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NZ dollar pares losses as bargain hunters move in

Tuesday 14th August 2018

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The New Zealand dollar pared some of its recent losses against the greenback as bargain hunters moved in despite weak data from Australia and China that would normally have weighed on the kiwi. 

The local currency traded at 65.99 at 5pm in Wellington versus 65.72 cents at 8am and late yesterday. The trade-weighted index was at 71.76 from 71.47 yesterday. 

The kiwi's slump to its lowest level since March 2016 on the back of a more dovish-than-expected central bank continued to attract buying from exporters keen on locking in the low rate. Investors shrugged off news that Australian business confidence fell in July and that Chinese retail sales, industrial output and urban investment all grew by less than forecast in July. Given that China and Australia are New Zealand's two largest trading partners, the data would normally have curbed appetite the kiwi. Current low levels, however, are proving attractive.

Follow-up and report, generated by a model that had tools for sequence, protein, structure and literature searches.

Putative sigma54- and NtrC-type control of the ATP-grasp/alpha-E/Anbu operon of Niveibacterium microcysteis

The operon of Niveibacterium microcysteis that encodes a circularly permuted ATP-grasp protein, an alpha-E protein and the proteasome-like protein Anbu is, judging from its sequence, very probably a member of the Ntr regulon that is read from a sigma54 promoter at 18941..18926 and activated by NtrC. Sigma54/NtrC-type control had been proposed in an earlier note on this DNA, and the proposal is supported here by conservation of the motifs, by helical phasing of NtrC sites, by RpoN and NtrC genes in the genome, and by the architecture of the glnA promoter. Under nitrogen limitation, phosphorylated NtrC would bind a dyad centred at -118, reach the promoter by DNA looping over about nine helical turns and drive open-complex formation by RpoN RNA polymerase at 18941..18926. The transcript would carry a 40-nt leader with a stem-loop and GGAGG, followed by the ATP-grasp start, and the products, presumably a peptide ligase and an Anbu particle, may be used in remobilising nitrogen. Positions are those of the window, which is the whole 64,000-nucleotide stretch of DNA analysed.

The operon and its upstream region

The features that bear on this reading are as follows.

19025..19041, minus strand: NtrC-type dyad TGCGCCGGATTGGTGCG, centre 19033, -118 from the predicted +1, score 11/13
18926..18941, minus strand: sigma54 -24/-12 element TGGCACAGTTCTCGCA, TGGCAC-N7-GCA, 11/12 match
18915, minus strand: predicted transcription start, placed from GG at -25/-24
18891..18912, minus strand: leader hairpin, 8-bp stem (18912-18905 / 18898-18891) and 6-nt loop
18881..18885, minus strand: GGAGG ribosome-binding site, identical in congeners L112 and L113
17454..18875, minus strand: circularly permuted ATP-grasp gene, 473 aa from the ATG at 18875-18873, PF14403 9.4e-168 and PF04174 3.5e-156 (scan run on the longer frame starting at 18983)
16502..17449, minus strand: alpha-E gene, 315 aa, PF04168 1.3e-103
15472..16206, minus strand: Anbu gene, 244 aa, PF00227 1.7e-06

"It's picked itself up off the ground ... which is amazing given that we have had a string of weak data," said Ross Weston, a senior trader at Kiwibank. "I think there is a bit of profit-taking going on, but normally the type of data we've had today would have pushed it the other way," he said.

Weston noted the kiwi has largely recovered against the Australian dollar since falling sharply last week after the central bank said it would hold rates low for longer and reiterated a cut was possible. It was trading at 90.71 Australian cents from 90.55 cents yesterday and 90.77 cents just before last Thursday's central bank announcement.

Looking ahead, Weston said markets will be watching for data out of the eurozone, including industrial production and the second estimate of second-quarter GDP growth. The kiwi traded at 57.87 euro cents from 57.81 cents yesterday and at 51.66 British pence from 51.53 pence. The local currency rose to 73.12 yen from 72.40 yen yesterday and 4.5407 Chinese yuan from 4.5200 yuan. 

New Zealand's two-year swap rate rose 2 basis points to 2.02 percent while 10-year swaps lifted 2 basis points to 2.88 percent.


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